i reccomend resistance training as well as cardio-respiratory (aerobic) exercise as well for a balanced training plan. We offer the best cycling program in the City, so come on in and I am happy to discuss.
Adela I. / January 18, 2012 at 12:40 pm
user-pic
I tried it last week, it was an amazing class, I can't wait to do it again. My friend and I were laughing almost the entire time.
Jonathan replying to a comment from Jonathan / January 18, 2012 at 12:43 pm
user-pic
And for transparency, if it wasn't obvious above, I own bspoke athletics.
Em / January 18, 2012 at 01:27 pm
user-pic
Bought classes here with a group buy. Huge mistake for anybody with any type of athleticism. Most girls are there for the gimic (even taking photos of each other in one class) After my fourth class I realized there would be no improvement and stopped going even though i had a few more classes left free. Everything is geared towards people with no flexibility or strength. Maybe fun for a beginner, but not a workout in any sense.
Jonathan / January 18, 2012 at 01:43 pm
user-pic
Hey Em,

As the volume increased with the fall offer, 200 new clients were starting from scratch. Now that the offer is about to expire, we are introducing a Level 2 class, that is an intermediate challenge.

we recommend atleast 6 classes before moving up to Level 2. we are also offering a Strength focused aerial clinic and restorative classes this winter.

I welcome your feedback, and given the fact that aerial yoga is so new to the city, we will continue to pioneer the practice with input from practitioners.

As for your athleticism, why not try our cycling program or strength training for a new challenge?

Hope to see you soon.
AmandaV / January 18, 2012 at 04:31 pm
user-pic
This is a great studio! The cycling program is top notch and lead by one of the most knowledgeable coaches in Toronto: Jonathan.

And... as a competitive triathlete the aerial yoga classes encourage a more supportive and deeper stretch that I find otherwise difficult to attain in a regular yoga class... and yes I like taking pictures of myself hanging up-side-down... it makes for a supercool Facebook profile picture :-)

PS... Jonathan is also one sexy beast!
AMK / January 18, 2012 at 04:42 pm
user-pic
From experience in the class I would certainly say this would be great for someone athletic as well as those who don't consider themselves to be. It does take some time to get used to, as anything good will, but with experience moves and poses can get much more advanced. Beginner classes shouldn't include anything like that, but if you are wondering how far you can take it, just consider that these are similar silks to those used by true circus acrobats. I find it to be safe challenging and fun. And imagine your whole body suspended in silk. Where else can you get that on a regular basis?
Pritza / January 19, 2012 at 08:44 am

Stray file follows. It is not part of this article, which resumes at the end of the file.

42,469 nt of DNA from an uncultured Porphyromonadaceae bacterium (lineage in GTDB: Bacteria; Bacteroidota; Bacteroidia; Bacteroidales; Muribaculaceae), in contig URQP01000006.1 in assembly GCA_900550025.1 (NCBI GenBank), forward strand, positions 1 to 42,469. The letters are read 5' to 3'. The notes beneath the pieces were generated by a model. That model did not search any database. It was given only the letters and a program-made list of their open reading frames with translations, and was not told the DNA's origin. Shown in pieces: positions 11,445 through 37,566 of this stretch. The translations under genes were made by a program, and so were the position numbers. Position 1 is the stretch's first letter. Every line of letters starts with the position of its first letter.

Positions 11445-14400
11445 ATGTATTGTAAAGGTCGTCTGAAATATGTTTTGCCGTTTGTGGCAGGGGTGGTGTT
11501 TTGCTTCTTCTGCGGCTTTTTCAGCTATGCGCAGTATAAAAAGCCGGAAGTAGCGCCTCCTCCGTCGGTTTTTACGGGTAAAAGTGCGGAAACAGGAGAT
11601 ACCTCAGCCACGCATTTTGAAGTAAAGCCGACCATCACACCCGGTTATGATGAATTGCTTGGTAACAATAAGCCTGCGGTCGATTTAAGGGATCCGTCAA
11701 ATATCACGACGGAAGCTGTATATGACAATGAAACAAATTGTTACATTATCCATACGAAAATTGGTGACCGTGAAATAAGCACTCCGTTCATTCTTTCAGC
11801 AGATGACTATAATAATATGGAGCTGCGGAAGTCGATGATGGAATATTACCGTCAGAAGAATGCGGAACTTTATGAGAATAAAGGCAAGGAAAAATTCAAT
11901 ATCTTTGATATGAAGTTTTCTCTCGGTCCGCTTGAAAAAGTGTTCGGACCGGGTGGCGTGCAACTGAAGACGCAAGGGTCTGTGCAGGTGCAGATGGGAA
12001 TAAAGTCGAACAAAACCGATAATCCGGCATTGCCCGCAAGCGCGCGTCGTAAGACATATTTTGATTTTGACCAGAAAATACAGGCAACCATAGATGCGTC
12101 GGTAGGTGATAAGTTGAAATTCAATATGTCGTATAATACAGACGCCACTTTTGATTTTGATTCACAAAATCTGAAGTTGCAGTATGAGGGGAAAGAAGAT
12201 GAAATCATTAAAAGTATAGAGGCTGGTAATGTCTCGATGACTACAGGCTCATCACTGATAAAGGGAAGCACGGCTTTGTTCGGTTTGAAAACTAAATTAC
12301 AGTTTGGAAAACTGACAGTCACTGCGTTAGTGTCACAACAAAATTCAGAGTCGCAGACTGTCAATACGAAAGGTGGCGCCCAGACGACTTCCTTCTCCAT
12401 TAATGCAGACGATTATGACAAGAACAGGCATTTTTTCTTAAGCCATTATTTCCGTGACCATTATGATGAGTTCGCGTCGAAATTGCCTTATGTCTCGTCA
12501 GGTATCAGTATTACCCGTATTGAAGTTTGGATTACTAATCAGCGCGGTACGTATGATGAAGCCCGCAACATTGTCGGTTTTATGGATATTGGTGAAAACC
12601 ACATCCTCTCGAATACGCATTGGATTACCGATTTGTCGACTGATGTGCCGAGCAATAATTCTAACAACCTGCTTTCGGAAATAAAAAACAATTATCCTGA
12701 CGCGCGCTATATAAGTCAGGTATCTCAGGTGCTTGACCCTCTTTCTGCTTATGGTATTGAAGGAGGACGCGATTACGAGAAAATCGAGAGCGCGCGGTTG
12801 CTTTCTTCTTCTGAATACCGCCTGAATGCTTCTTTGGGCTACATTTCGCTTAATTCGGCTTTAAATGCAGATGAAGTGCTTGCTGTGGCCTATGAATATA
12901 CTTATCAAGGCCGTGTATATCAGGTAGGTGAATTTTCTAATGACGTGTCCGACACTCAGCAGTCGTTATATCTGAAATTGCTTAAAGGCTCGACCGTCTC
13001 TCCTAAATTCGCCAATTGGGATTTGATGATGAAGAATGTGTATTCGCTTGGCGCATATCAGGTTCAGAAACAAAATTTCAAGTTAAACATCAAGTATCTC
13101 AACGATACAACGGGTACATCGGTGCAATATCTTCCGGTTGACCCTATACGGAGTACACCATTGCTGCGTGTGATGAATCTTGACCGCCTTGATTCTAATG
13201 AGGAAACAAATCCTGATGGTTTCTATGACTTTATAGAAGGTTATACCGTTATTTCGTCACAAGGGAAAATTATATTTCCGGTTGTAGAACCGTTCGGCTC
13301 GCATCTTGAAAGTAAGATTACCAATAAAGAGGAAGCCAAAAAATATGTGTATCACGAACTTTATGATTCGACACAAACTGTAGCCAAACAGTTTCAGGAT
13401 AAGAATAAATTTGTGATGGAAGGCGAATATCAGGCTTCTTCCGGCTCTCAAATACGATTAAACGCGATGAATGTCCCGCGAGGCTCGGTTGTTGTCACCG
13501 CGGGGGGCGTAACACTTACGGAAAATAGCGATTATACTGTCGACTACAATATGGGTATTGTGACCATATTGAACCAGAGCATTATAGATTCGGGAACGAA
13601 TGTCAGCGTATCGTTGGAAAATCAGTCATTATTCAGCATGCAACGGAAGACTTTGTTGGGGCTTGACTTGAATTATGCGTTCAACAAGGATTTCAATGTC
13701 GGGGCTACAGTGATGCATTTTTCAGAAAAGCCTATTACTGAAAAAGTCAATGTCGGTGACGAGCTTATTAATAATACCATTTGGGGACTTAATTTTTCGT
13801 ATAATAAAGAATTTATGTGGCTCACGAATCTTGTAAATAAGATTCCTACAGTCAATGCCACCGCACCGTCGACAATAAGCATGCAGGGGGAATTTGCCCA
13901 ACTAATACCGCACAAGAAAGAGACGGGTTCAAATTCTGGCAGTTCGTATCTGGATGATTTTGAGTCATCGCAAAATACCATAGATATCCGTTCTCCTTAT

user-pic
I have been going to this studio since it opened. It is top notch and very different from other places. The attention to detail in cycling, training and aerial yoga is fantastic. The yoga, if you are used to a flow class is different for sure, and can feel like a gimmick at the beginning. But once you do it and surrender to the type of stretching you get into, where it hits you in your body, the strength you need to do it, etc - you realize - wow, this is amazing. And my kids have tried it as well and LOVE it. Plus, there is nothing compared to relaxing in that hammock after all the endurance.

Try new things, balance, you need lots of different activities to maintain a healthy body.
Michael / January 19, 2012 at 10:19 am
user-pic
I really like it. I guess it might seem gimmicky to look at it. But I found I actually got a deeper stretch suspended than with regular yoga. Also, earlier in the year I injured my back and hip flexor and stretching in the silks was the only thing that gave me relief.
Randy Rosenberg / January 19, 2012 at 10:20 am
user-pic
Great Class as i lets you stretch and utilize muscles in ways that you can't do with only your body and a mat.
Kitty K / January 19, 2012 at 01:37 pm
user-pic
Hrm, I'm sure that the owner of bspoke is probably going to tell me that I am wrong, but as someone with many years of experience with both yoga and aerial arts, I gotta say that this looks like a bad idea to me.

Yoga alone and aerials alone are both disciplines in which one must be *very* aware of things like precise alignment and controlled movement in order to avoid injury. Lots of amateurs sustain injuries while dabbling in aerials. Lots of folks also sustain injuries from improper yoga technique. Combining the two adds unnecessary risks.

To claim that you can suspend in the air to avoid pressure on joints and vertebra is a bit of a stretch (pun fully intended) -- the pressure is merely displaced to different areas and sometimes in ways which could place un-trained aerial newbies at increased risk of other injuries and strains.

Dangling in the air is not the key to minimizing potential negative impacts of yoga. The key to that is better yoga instructors.